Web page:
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Who Benefits from KIPP?

  • Joshua D. Angrist
  • Susan M. Dynarski
  • Thomas J. Kane
  • Parag A. Pathak
  • Christopher R. Walters

Charter schools affiliated with the Knowledge is Power Program (KIPP) are emblematic of the No Excuses approach to public education. These schools feature a long school day, an extended school year, selective teacher hiring, strict behavior norms and a focus on traditional reading and math skills. We use applicant lotteries to evaluate the impact of KIPP Academy Lynn, a KIPP charter school that is mostly Hispanic and has a high concentration of limited English proficiency (LEP) and special-need students, groups that charter critics have argued are typically under-served. The results show overall gains of 0.35 standard deviations in math and 0.12 standard deviations in reading for each year spent at KIPP Lynn. LEP students, special education students, and those with low baseline scores benefit more from time spent at KIPP than do other students, with reading gains coming almost entirely from the LEP group.

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File URL: http://www.nber.org/papers/w15740.pdf
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Paper provided by National Bureau of Economic Research, Inc in its series NBER Working Papers with number 15740.

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Date of creation: Feb 2010
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Publication status: published as Joshua D. Angrist & Susan M. Dynarski & Thomas J. Kane & Parag A. Pathak & Christopher R. Walters, 2012. "Who Benefits from KIPP?," Journal of Policy Analysis and Management, John Wiley & Sons, Ltd., vol. 31(4), pages 837-860, 09.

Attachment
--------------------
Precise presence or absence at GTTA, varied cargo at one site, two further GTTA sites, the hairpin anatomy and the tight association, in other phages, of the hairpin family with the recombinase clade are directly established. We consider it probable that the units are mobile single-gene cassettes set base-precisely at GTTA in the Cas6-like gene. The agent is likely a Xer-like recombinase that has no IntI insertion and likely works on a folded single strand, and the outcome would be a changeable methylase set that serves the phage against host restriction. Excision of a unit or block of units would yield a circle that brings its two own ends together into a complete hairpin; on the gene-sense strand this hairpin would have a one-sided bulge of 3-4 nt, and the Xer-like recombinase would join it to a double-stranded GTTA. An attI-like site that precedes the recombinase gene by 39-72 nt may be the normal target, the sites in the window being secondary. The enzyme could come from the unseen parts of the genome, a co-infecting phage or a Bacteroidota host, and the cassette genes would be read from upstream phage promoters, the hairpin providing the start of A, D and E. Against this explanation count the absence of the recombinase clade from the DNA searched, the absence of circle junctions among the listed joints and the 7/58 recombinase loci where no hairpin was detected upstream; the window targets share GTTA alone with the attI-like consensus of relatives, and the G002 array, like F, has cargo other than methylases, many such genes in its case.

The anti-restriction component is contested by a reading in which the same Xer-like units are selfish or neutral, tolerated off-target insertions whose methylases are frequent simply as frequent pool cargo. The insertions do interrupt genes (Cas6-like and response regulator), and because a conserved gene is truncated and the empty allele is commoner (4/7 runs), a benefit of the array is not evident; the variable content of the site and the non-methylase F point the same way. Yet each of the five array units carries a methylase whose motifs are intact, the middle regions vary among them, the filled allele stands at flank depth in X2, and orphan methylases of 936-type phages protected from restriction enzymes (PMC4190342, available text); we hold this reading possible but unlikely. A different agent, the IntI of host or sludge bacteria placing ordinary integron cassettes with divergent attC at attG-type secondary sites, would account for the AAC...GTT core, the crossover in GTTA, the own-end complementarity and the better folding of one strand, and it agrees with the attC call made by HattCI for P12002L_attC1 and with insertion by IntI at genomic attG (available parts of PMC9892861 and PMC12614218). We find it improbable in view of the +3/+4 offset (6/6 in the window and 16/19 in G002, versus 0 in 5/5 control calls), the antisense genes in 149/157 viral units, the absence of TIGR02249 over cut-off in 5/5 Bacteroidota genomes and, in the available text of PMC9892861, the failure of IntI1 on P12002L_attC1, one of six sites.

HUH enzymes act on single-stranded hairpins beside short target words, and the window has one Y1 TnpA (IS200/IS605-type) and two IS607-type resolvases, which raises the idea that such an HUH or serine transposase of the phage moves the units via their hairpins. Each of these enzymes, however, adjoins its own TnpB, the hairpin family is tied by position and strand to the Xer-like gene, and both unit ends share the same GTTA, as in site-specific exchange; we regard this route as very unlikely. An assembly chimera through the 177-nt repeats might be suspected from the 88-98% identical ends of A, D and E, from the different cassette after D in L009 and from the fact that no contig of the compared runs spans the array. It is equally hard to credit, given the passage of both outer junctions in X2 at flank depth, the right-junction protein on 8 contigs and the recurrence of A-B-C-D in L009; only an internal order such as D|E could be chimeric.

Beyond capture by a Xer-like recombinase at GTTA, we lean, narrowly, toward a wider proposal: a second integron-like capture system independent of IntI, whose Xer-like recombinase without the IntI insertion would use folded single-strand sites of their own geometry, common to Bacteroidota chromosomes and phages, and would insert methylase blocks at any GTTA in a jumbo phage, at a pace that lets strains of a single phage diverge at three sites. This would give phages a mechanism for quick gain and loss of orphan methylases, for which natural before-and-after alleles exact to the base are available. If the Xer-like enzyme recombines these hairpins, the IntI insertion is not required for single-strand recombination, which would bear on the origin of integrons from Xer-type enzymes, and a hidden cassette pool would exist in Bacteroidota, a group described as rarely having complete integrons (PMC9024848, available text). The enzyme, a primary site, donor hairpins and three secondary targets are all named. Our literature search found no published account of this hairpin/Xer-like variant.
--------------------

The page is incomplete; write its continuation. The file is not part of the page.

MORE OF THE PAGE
Handle: RePEc:nbr:nberwo:15740
Note: CH ED LS PE
Contact details of provider: Postal: National Bureau of Economic Research, 1050 Massachusetts Avenue Cambridge, MA 02138, U.S.A.
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  1. Joseph G. Altonji & Todd E. Elder & Christopher R. Taber, 2005. "Selection on Observed and Unobserved Variables: Assessing the Effectiveness of Catholic Schools," Journal of Political Economy, University of Chicago Press, vol. 113(1), pages 151-184, February.
  2. Caroline M. Hoxby & Sonali Murarka, 2009. "Charter Schools in New York City: Who Enrolls and How They Affect Their Students' Achievement," NBER Working Papers 14852, National Bureau of Economic Research, Inc.
  3. James J. Heckman & Seong Hyeok Moon & Rodrigo Pinto & Peter A. Savelyev & Adam Yavitz, 2010. "Analyzing Social Experiments as Implemented: A Reexamination of the Evidence From the HighScope Perry Preschool Program," Working Papers 201034, Geary Institute, University College Dublin.
  4. Will Dobbie & Roland G. Fryer, Jr, 2009. "Are High Quality Schools Enough to Close the Achievement Gap? Evidence from a Social Experiment in Harlem," NBER Working Papers 15473, National Bureau of Economic Research, Inc.
  5. Joseph G. Altonji & Todd E. Elder & Christopher R. Taber, 2005. "An Evaluation of Instrumental Variable Strategies for Estimating the Effects of Catholic Schooling," Journal of Human Resources, University of Wisconsin Press, vol. 40(4), pages 791-821.
  6. Roland G. Fryer, Jr, 2010. "Financial Incentives and Student Achievement: Evidence from Randomized Trials," NBER Working Papers 15898, National Bureau of Economic Research, Inc.
  7. Joshua D. Angrist & Susan M. Dynarski & Thomas J. Kane & Parag A. Pathak & Christopher R. Walters, 2010. "Inputs and Impacts in Charter Schools: KIPP Lynn," American Economic Review, American Economic Association, vol. 100(2), pages 239-43, May.
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